Unclaimed Property Inferno Comes to Corporate Paradisio: Cayman Islands and the Dormant Accounts Law
Earlier this summer, the government of the Cayman Islands passed “A Law to Provide for the Monies in Dormant Accounts to be Transferred to the General Revenue of the Islands” — in other words, an unclaimed property law (Law 28 of 2010). Generally, accounts held in financial institutions that have been dormant for 6 years, are to be reported and remitted to the government, where they are thereafter held for the “general revenue of the Islands.” (Dormant Accounts Law, Sections 4(1) and 7(1). As with most U.S. unclaimed property laws, once the financial institution has turned over the funds, the owner no longer has a claim against the financial institution, but rather, must try to claim the funds from the government. (Dormant Accounts Law, Section 9(1)(a) & (b)).
Another regular feature of U.S. escheat laws that appears in its Cayman counterpart is due diligence requirements — i.e., attempts by the holder to contact the owner before turning over seemingly unclaimed money. The Cayman law, however, has a unique feature. In those instances where “the financial institution has been instructed by the dormant account holder not to correspond with or contact the dormant account holder” the financial institution is required to publish notice of the “nature and type of such dormant accounts” in “one or more daily newspapers circulating in the Islands . . . [and] any other media as the financial institution deems necessary.” (Dormant Accounts Law, Section 6(1)).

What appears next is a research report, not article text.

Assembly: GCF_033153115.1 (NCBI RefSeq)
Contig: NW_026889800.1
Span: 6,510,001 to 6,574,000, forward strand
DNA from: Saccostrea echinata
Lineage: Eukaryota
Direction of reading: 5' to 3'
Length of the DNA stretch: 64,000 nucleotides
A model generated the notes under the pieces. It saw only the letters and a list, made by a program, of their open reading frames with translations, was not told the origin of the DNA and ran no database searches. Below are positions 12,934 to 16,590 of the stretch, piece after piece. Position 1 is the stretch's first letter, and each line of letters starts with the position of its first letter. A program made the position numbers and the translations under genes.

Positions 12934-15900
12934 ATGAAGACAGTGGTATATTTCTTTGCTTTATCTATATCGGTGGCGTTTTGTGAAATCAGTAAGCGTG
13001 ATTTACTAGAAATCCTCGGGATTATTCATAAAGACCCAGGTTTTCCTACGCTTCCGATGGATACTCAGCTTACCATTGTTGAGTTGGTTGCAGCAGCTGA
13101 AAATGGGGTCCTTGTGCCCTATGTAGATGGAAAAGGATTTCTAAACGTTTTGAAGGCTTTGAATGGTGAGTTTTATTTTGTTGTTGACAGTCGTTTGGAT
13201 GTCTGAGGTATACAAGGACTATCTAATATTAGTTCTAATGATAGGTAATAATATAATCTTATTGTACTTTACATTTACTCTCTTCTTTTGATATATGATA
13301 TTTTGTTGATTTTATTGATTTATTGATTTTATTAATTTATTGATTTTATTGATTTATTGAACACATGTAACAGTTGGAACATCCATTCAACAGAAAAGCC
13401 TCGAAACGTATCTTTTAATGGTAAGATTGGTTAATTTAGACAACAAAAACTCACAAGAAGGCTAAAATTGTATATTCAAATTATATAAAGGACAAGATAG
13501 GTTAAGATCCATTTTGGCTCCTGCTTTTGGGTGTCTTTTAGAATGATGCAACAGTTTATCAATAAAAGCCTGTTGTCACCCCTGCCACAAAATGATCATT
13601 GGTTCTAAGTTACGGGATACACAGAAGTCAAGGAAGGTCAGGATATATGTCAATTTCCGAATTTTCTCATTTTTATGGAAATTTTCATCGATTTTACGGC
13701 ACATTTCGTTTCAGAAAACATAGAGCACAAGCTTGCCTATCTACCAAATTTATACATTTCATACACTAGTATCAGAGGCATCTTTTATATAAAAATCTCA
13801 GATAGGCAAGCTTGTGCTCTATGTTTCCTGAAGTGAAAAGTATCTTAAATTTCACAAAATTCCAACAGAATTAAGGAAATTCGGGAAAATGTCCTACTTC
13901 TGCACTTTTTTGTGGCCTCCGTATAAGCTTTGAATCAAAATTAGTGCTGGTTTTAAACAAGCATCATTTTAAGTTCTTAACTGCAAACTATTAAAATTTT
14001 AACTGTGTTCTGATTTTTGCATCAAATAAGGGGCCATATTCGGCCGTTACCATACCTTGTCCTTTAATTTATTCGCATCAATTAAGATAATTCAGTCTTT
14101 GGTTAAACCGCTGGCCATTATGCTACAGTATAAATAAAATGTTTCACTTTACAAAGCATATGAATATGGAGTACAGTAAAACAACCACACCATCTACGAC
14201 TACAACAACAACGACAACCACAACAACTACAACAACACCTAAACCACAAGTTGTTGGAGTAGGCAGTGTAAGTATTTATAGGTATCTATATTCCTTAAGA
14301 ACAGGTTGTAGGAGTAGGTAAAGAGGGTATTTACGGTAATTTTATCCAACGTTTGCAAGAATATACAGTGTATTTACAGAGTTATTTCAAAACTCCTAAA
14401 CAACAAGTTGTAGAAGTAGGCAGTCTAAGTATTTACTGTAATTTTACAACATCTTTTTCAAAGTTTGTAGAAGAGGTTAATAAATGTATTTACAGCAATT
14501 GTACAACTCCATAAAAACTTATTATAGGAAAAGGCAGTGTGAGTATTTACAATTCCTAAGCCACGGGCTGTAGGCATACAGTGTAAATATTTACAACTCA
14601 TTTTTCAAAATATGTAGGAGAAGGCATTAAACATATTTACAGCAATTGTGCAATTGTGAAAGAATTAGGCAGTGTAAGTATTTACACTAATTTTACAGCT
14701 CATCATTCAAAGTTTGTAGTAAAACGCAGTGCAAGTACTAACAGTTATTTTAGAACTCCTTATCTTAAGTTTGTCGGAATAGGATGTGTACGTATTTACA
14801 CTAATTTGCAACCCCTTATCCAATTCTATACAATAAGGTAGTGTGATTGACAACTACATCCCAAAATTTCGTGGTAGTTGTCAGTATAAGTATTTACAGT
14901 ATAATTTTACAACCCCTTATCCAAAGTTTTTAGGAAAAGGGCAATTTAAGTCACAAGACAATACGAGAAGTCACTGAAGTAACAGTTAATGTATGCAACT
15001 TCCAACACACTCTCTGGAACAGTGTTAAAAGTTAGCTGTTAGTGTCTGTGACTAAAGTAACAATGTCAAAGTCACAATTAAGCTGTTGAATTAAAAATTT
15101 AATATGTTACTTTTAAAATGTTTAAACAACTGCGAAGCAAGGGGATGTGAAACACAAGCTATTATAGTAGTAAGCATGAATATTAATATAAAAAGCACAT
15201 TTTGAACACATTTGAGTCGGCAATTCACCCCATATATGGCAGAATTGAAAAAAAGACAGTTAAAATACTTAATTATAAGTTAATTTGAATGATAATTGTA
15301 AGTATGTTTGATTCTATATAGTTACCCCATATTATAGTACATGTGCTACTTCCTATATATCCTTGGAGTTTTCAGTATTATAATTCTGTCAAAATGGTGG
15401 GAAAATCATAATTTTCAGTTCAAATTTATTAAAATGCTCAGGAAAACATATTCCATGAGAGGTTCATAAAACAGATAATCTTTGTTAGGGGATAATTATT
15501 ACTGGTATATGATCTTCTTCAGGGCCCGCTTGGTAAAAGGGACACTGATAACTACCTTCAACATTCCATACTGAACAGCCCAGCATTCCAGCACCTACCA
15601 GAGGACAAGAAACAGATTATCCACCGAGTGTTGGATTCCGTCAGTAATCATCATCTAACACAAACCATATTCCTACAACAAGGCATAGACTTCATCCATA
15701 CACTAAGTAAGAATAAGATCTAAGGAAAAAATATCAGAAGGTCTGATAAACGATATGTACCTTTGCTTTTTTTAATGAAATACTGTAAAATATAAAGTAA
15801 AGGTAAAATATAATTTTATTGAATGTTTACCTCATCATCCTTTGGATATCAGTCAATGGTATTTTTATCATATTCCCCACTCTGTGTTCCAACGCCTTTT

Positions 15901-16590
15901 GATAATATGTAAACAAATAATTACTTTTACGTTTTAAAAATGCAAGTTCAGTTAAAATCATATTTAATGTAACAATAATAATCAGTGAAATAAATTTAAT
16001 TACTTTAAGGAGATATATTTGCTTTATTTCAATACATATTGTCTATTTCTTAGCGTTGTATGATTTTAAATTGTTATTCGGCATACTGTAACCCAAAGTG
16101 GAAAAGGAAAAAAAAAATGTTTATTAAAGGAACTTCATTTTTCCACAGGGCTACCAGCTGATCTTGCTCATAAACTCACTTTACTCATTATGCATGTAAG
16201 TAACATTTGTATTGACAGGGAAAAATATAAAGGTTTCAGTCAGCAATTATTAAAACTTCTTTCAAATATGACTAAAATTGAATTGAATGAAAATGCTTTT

Unsurprisingly, some financial institutions and others are none too happy about the new law, including the publication requirement. According to one legislative committee, the requirement of publishing account details “would be a great cause of consternation for most banks and trust companies involved in private wealth management and would be a deterrent to any clients of the licensees wanting to have their affairs managed through the Cayman Islands . . . .”
Also interesting is the legislative committee’s response to breadth of the new law (which is actually narrower than many U.S. states’ laws), wherein the committee opined that because the law “could cover any type of asset or property held by a financial institution … the logistics of monitoring such assets for the purposes of dormancy are inconceivable . . . .” Accordingly, the committee intends to suggest a new law that will be designed to cover “truly dormant” property, but not affect long-term investment vehicles. We will review the new law when it’s enacted. In the meantime, the Cayman kerfuffle is a valuable reminder to those who deal with unclaimed property that the scope and requirements of the express terms of the law are generally surprising to those who don’t come across them on a regular basis.